• 2018-07
  • 2018-10
  • 2018-11
  • The donor to donor proteomic variability documented in this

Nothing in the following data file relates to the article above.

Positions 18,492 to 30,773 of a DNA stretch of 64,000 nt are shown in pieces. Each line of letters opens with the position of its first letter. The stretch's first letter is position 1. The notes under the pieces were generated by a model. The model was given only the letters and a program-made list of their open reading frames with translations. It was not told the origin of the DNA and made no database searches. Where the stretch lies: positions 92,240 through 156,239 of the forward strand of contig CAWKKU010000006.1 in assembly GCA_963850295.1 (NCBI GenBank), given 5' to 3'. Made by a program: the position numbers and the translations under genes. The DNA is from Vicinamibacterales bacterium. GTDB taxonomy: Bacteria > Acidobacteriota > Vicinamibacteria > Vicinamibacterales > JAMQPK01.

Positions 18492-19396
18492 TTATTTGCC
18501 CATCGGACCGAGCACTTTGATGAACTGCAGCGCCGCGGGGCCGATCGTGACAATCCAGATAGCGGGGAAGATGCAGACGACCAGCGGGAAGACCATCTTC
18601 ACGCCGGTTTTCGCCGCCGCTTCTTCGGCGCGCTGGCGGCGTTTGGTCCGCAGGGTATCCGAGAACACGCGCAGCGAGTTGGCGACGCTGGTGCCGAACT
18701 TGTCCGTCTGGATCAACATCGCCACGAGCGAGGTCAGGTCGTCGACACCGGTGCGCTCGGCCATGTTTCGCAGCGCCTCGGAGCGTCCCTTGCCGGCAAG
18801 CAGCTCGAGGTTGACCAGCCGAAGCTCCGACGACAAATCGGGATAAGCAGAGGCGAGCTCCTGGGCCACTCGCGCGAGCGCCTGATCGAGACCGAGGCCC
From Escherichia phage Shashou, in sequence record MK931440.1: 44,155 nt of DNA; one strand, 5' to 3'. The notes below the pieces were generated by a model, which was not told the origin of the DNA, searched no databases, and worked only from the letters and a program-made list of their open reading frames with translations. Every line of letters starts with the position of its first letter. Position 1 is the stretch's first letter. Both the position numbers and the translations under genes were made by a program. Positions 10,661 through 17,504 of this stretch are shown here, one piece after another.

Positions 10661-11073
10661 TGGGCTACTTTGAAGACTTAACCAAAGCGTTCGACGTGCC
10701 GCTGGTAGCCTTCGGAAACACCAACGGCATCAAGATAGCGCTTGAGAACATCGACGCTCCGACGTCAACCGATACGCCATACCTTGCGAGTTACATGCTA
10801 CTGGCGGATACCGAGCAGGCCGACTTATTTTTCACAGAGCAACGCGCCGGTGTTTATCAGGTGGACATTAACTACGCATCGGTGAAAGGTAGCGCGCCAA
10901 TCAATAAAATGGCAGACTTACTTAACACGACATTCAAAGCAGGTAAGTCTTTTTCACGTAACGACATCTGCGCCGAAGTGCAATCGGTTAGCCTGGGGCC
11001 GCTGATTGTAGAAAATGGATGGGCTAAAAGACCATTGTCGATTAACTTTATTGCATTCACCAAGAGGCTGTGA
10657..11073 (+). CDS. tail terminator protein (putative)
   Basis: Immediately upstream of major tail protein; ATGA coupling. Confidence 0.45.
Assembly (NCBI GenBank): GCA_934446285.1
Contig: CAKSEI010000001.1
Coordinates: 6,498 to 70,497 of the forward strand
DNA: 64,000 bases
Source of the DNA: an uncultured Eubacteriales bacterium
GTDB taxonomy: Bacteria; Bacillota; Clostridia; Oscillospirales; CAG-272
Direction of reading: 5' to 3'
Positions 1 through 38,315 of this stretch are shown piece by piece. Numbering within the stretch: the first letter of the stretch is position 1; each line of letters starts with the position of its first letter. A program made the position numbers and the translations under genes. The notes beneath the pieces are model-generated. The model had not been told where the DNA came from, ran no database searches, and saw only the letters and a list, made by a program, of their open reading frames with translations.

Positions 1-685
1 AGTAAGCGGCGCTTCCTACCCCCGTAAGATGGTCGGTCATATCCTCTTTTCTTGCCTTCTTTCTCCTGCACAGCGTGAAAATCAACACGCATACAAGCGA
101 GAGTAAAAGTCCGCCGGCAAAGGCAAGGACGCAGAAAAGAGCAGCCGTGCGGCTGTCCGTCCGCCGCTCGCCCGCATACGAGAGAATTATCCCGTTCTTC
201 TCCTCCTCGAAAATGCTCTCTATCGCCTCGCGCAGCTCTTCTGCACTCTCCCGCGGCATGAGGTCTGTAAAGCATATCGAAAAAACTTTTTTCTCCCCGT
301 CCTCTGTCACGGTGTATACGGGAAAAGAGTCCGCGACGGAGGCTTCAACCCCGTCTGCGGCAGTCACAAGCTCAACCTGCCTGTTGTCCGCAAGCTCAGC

The donor-to-donor proteomic variability documented in this paper can help to explain previous reports that show functional discordance between cell populations from different donors (Phinney, 2007, 2012). As per our data, only 13% of the total proteins were found universally expressed by all cell lines. Such a high degree of molecular diversity is a little surprising given the fact that samples from all cell lines were treated under similar conditions. The cell lines used in this study were obtained from two commercial sources (Materials and Methods section) and the cell-handling protocols during isolation from bone marrow aspirates could have contributed to the proteomic heterogeneity. To examine the existence of such affect, we compared the proteomic datasets compiled using cell lines from All Cells (n=3) and Lonza (n=3). In total, 6327 and 7015 proteins were identified from All Cells and Lonza, respectively. The two datasets shared at least 5596 proteins between them (72% similarity) and evidently the variability between the two group-proteomic datasets is not typically higher than the variability calculated for proteomes from individual donors (Table 2). The reference proteome we constructed based on this study (Supplement 2, Table S5) is not differentially represented by any proteomes of the two commercial cell sources (respectively, 97% and 99% of the proteins in the reference proteome were identified from hBMSCs obtained from All Cells and Lonza). Furthermore, hBMSCs from the two sources have also been compared in terms of growth kinetics, differentiation capacity, and cell surface markers. Although functional differences can be observed, none of these can be associated with the cell source or can be observed in different patterns of cell surface marker expression. Overall, functional and proteomic variabilities which have been observed between cell lines in this study cannot be linked directly to commercial cell source. Molecular and functional heterogeneities in cell populations is not unique to hBMSCs; it is a widespread phenomenon among stem Otamixaban including embryonic (Canham et al., 2010), hematopoietic (Schroeder, 2010), neural (Suslov et al., 2002), and cancer stem cells (Wong et al., 2012). The analysis of major proteomic studies (n=34) of human and mouse pluripotent stem cells (hPSCs and mPSCs) by Gundry et al. highlighted the degree of heterogeneity among pluripotent stem cell populations (Gundry et al., 2011). According to their analysis, the comparison of nine major human proteomic studies, which together indexed 6966 proteins, revealed that less than 20% of the proteins were identified from at least 50% of the studies. By comparison, our proteomic screening from six cell lines found 62% of the proteins to be shared by at least 50% of the study subjects. The better proteomic overlap achieved in our study does not necessarily mean that hBMSCs are less heterogeneous than hPSCs. Rather, it reflects uniformity in the analytical proteomic approach. The comparison between the hBMSC proteomic dataset with pluripotent stem cells revealed that numerous proteins are commonly expressed between the three cell types. It also has revealed that 28% (2879) of the hBMSC proteins were not identified from the PSC types. However, not all of these proteins were uniformly expressed between cell lines, only 253 have been identified in all six lines (Supplement 2, Table S6). While hBMSCs, hPSCs, and mPSCs expressed at least 41 CDs in common, 39 CDs have been identified exclusively from the hBMSC dataset. Only 15 CDs out of these 39 were identified from at least three of the six hBMSC lines, and only CD351 was identified from all lines. The 15 CDs are mostly receptors (CD5L, CD11D, CD59, CD23, CD85D, CD108, CD123, CD206, CD204, CD247, CD264, and CD351,) and some of them are involved in calcium ion binding (CD437), or are kinases (e.g., CD167, CDw293). The reference proteomic map for hBMSCs, which was constructed by combining proteins identified from at least 50% of cell lines, was used as a tool to get a quantitative sense of the proteomic variability between cell lines. For example, cell line 8F3560 has a proteome set of 4716 proteins, of which 3961 were also found in the reference proteome and the remaining proteins (834) were not part of the 8F3560 proteome. To account for the variability caused by the size of a proteome we used a correction factor, which is the ratio between the proteome size of a given cell line and the reference proteome (in this case 4716/4797=0.98). The reference proteome consists of 4797 proteins (Supplement 2, Table S5). Thus, the percent variability will be 17.1% (834/4795*0.98). Overall, an average variability between lines was 20.9% (Table 2). We also screened the data to determine if highly variably-expressed proteins are uniformly distributed among cellular organelles. For this purpose, the subcellular localizations of the most variably expressed proteins (those expressed in ≤2 cell lines) were compared against the profile obtained using the reference proteome (Supplement 4, Fig. S2). There was no apparent bias towards certain organelles in molecular variability between cell lines, although the plasma membrane and mitochondria contain slightly higher proportions of variably-expressed proteins.